Systemic Therapy

Endocrine Systemic Therapy

Many prostate cancers use testosterone as a growth signal. The very first endocrine therapy for prostate cancer was castration; by removing the testes, the production of testosterone was reduced dramatically and most prostate cancers shrank (for a time). The irreversibility of this procedure meant that it was supplanted by gonadotrophin-releasing hormone receptor agonists. GnRH antagonists are newer therapies that are not in common use but have a similar effect.

Important note - Gonadotropin releasing hormone (GnRH) is also known as leutenising-hormone-releasing hormone (LHRH). GnRH/LHRH lead to release of leutenising hormone (LH) as well as follicle stimulating hormone (FSH), hence the former term is preferred.

Function of GnRH Agonists

GnRH is the protein product of the GNRH1 gene. It is 10 amino acids in length and is produced by neurons in the anterior hypothalamus, before passing through the pituitary portal system to the anterior pituitary gland. In the anterior hypothalamus GnRH binds to gonadotrophs, endocrine cells that produce LH and FSH. Importantly, pulsed release and binding of GnRH to the GnRH receptor on gonadotrophs is required for continual LH/FSH release. In men, LH binds to Leydig cells in the testis and promotes testosterone production.
GnRH agonists permanently bind to the GnRH receptor in the gonadotrophs. This leads to an initial surge of LH release with corresponding increase in testosterone production. This is followed by downregulation of GnRH receptors and loss of LH production/testosterone production over 1 - 2 weeks.

The testosterone surge is important when instituting therapy for patients with metastatic disease. The testosterone sensitive cells can respond to the high testosterone levels and cause increasing pain or other symptoms.

Use of GnRH Agonists

There are three times where GnRH agonists are used:

  • For high risk, localised prostate cancer - there is evidence of improved overall survival when there is several months of androgen deprivation prior to institution of prostate radiotherapy. GnRH agonists should be continued after treatment for 2 - 3 years total therapy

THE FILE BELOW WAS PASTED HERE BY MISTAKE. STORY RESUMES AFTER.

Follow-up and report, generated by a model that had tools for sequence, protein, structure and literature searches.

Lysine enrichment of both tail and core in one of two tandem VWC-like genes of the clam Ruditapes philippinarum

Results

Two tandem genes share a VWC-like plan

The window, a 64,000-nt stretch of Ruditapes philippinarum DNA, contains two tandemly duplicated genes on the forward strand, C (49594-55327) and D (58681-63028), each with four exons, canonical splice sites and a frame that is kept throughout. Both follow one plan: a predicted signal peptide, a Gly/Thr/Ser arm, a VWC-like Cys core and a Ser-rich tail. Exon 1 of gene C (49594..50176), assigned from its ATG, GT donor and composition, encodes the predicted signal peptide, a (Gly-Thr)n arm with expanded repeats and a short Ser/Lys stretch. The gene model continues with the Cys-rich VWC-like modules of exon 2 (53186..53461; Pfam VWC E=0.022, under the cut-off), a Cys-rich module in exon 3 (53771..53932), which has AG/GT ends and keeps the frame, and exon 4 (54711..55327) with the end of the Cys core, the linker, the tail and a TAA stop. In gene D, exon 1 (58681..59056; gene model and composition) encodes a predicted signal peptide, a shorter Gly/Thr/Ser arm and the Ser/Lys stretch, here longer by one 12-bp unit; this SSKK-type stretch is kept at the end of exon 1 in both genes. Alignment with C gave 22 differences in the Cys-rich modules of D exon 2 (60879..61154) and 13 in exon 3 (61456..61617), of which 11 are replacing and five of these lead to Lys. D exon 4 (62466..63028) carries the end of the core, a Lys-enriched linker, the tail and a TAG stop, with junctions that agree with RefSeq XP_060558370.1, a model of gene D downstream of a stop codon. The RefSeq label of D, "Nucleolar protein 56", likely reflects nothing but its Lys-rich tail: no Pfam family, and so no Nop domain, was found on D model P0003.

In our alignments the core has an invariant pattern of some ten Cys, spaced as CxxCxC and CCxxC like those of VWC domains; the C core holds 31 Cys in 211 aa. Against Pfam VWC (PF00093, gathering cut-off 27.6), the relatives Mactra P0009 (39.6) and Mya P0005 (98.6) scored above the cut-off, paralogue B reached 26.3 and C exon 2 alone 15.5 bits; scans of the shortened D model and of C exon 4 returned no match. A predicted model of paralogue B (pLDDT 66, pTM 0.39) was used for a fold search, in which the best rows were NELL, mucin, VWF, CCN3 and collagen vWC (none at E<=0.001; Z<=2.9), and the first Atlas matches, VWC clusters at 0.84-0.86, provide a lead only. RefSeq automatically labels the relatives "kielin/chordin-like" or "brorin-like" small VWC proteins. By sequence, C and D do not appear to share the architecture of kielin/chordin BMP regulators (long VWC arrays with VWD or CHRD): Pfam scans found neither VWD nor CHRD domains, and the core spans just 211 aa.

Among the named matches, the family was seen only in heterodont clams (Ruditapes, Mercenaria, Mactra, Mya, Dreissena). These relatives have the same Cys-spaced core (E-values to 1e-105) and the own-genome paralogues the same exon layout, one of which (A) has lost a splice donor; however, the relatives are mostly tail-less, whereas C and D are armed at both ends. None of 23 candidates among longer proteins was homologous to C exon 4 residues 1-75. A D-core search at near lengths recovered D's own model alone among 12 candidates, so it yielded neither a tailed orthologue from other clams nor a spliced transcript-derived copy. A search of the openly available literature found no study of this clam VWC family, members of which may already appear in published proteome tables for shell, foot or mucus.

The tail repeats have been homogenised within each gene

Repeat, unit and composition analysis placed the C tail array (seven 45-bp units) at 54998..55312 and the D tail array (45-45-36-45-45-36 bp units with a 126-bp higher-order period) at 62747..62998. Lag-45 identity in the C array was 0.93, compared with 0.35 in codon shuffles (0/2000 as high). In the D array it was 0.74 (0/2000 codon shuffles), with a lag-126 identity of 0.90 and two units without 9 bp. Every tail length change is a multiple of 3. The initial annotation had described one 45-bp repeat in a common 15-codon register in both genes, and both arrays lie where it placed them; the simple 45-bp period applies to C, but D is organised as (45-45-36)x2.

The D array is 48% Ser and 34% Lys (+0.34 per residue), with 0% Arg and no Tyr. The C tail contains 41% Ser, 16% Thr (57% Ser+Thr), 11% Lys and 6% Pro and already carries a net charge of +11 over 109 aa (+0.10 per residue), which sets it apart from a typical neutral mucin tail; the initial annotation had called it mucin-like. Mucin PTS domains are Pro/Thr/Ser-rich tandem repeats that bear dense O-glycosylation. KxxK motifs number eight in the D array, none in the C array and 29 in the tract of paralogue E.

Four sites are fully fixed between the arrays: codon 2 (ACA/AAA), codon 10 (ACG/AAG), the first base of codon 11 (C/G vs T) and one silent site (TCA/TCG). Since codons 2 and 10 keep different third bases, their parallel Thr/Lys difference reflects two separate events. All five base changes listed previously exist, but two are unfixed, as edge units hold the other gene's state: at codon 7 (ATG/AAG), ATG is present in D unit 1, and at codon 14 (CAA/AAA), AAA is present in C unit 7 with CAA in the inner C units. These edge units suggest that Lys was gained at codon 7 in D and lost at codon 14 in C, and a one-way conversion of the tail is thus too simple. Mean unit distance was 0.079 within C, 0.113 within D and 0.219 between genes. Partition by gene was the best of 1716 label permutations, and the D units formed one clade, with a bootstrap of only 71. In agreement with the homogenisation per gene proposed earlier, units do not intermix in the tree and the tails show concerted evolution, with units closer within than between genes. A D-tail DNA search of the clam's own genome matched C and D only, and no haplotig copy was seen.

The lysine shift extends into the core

• For biochemical or clinical recurrence of prostate cancer after definitive treatment - GnRH agonists can provide control (for an average of 2 years) of relapsed prostate cancer
  • Initial therapy of metastatic prostate cancer - when prostate cancer is metastatic on diagnosis GnRH agonists provide a relatively low toxicity treatment that, in most cases, is highly effective for months to years.

Cytotoxic Systemic Therapy

When prostate cancer becomes resistant to hormonal therapies, the decision whether to pursue further systemic treatments need to be made.

In all cases hormonal agents (LHRH agonists etc) should be continued to continue suppression of tumour clones that utilise hormonal pathways.

First Line

Docetaxel is the currently recommended chemotherapy agent once hormonal therapy has failed.

Second Line

Cabazitaxel + Prednisolone shown to be superior to Mitoxantrone + Prednisolone

  • 28% reduced risk of death with cabazitaxel.
  • Longer progression free survival
  • Diarrhoea more common
  • Nausea/Vomiting more common
  • Neutropenia more common with cabazitaxel.
    • Higher rates of febrile neutropenia (7.5% vs 1.5%) and death (5% vs 2%)

Third Line

Mitoxantrone + Prednisolone

  • Mitoxantrone inhibits the synthesis of androgens in all tissues, including in tumour cells
  • This prevents autocrine stimulation of androgen receptors in tumour cells